Taking CGMs to the Next Level


 

Pumps, pens, meters, sensorsType 1 diabetes management involves increasingly more accoutrements, and they can seem overwhelming when counted among the other technology that is part of everyday life even without diabetes. After all, smartphones, tablets, and smart watches have pretty much become mandatory accessories in this golden age of tech.

Savvy companies, picking up on the tech trend, are creating new ways to make the most of our diabetes management tools using those very accessories that are now standard regardless of whether or not you’re living with a chronic condition.

The Spike app is a free program available for PWDs who are using a Dexcom CGM and are also using iOS 2.2.0 on an Apple Watch, an iPhone 4s and higher, an iPod touch 5 and higher, or an iPad 2 and higher. According to the Spike app website, the older the device, the better (sorry, Android users, we hope your day is not far off!).

What exactly does the Spike app do?

Spike pledges to “completely change the way you manage your diabetes.” The data it collects from the Dexcom is shared with other programs like Nightscout and then can be used to create an offline closed loop system. Features include customizable alarms and charts formatted the way you want to see them – goodbye to those unnecessary, tall, narrow graphs that you have to squint to comprehend!

We spoke with some current and former users of Spike to get the real deal on the app. Allan H., from Burk’s Falls, Ontario, Canada, started using Spike earlier in 2018. After over 30 years of living with Type 1, Allan said, “Spike has made it easier to predict what my BG will be.”

“I discovered the Spike app because I was looking for a way to save money on Dexcom supplies,” said Allan, who first explored more advanced diabetes management technology with the iOSxDripReader. “My diabetes management itself went through a little bump in the transition from the Dexcom app to iOSxDripReader because that old app lacked a lot of features. Then Spike came out and had the features to set custom alerts more specifically. As I transitioned to Spike, I found my BG came back to what I was used to because I could see what was going on more clearly.”

In addition to saving on his Dexcom supplies, one of the things Allan loves the most about the app is not needing a two-hour warmup period when starting a new sensor and being able to manually manipulate data directly within the Spike app.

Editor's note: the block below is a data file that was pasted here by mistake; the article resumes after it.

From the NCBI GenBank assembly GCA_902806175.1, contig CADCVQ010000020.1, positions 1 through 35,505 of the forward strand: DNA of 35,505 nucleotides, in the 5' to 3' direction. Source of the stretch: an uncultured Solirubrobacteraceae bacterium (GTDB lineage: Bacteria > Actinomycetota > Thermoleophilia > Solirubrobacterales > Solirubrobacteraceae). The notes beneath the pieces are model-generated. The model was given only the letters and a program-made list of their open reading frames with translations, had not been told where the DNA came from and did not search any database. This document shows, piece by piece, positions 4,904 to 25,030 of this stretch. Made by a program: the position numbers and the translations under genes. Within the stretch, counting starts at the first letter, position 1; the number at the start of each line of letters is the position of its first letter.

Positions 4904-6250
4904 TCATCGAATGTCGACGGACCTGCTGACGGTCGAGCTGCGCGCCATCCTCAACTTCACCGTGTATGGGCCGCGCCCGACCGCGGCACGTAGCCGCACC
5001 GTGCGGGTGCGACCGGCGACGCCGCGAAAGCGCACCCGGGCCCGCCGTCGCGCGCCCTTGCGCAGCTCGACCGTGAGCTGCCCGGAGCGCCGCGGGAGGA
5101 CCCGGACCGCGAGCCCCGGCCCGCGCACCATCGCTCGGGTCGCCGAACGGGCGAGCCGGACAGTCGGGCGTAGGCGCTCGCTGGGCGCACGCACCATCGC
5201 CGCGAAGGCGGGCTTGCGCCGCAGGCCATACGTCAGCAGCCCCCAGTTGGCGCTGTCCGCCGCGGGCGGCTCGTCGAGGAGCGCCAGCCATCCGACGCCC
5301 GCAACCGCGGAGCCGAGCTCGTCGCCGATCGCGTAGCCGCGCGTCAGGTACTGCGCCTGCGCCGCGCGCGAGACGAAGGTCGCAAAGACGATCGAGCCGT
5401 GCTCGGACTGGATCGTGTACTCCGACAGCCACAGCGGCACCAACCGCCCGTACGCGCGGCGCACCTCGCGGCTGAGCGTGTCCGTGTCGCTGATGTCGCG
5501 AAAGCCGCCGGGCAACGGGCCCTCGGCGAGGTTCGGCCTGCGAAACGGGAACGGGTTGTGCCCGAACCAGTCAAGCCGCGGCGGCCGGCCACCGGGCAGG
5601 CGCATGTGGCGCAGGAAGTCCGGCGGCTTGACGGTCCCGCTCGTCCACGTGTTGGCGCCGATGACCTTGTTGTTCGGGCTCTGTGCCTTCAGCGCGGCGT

“I usually backdate the sensor insertion time (I realize not ideal for initial accuracy) but at least I get readings right away. Spike doesn’t stop the sensors weekly so there’s no ‘downtime’ every week to restart the sensor, as is unavoidable with the Dexcom app,” Allan said.

Another perk of using Spike is the built-in support system: the closed Facebook group group has over 3,500 members who offer advice and hacks. The diabetes community at large plays a role in its very existence, as crowdfunding is accepted through the Spike-app.com website to keep the app free and as up-to-date as possible.

Spike’s shortcomings

Like any technology, Spike isn’t perfect. For Katrina D., from Mississauga, Ontario, Canada, battery life became an issue when using Spike on her iPhone SE.

“I found out about Spike through my friend who was using it for her DIY closed-looping system,” said Katrina, who has been living with Type 1 for eight years, “I used it for about three months and was extremely satisfied with it. Unfortunately, the app started having issues with iPhone 7 and SE users (me) which for some reason would drain Dexcom transmitter batteries within days. Spike’s developers are an incredible crew of people and are vigorously working on resolving that issue, but in the meantime I have had to switch over to the Dexcom app. I miss Spike a lot because there was so much more flexibility in settings, and definitely not as many restrictions as the FDA/Health Canada requires Dexcom’s app to have.”

Despite having to pause her own use of the app, Katrina would “absolutely” recommend Spike to her fellow PWDs. “I had almost total control to set things the way I wanted and the way things worked for me. This made my day-to-day management so much more comfortable, and not having random annoying built-in alarms go off was nice!”

While Allan is looking forward to further developments in dia-tech like closed-loop systems, apps like Spike are offering more people more information with which they can make nuanced choices about their diabetes management like never before – and also have more control over the products they consume and how they consume them.

“Even with the basic [tech elements] Spike offers, I have lots of info if I want it,” he said, “Not to mention, I’m saving money on transmitters.”


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WRITTEN BY Katie Doyle, POSTED 07/27/18, UPDATED 09/16/21

Katie Doyle is a writer and videographer who chronicles her travels and diabetes (mis)adventures from wherever she happens to be, and she’s active in the community as an IDF Young Leader in Diabetes. She’s written about dropping her meter off of a chairlift in the Alps, wearing her pump while teaching swim lessons on Cape Cod, and the many road trips and fishing expeditions in between—she’s up for anything and will tell you the story about it later. Check out www.kadoyle.com for more.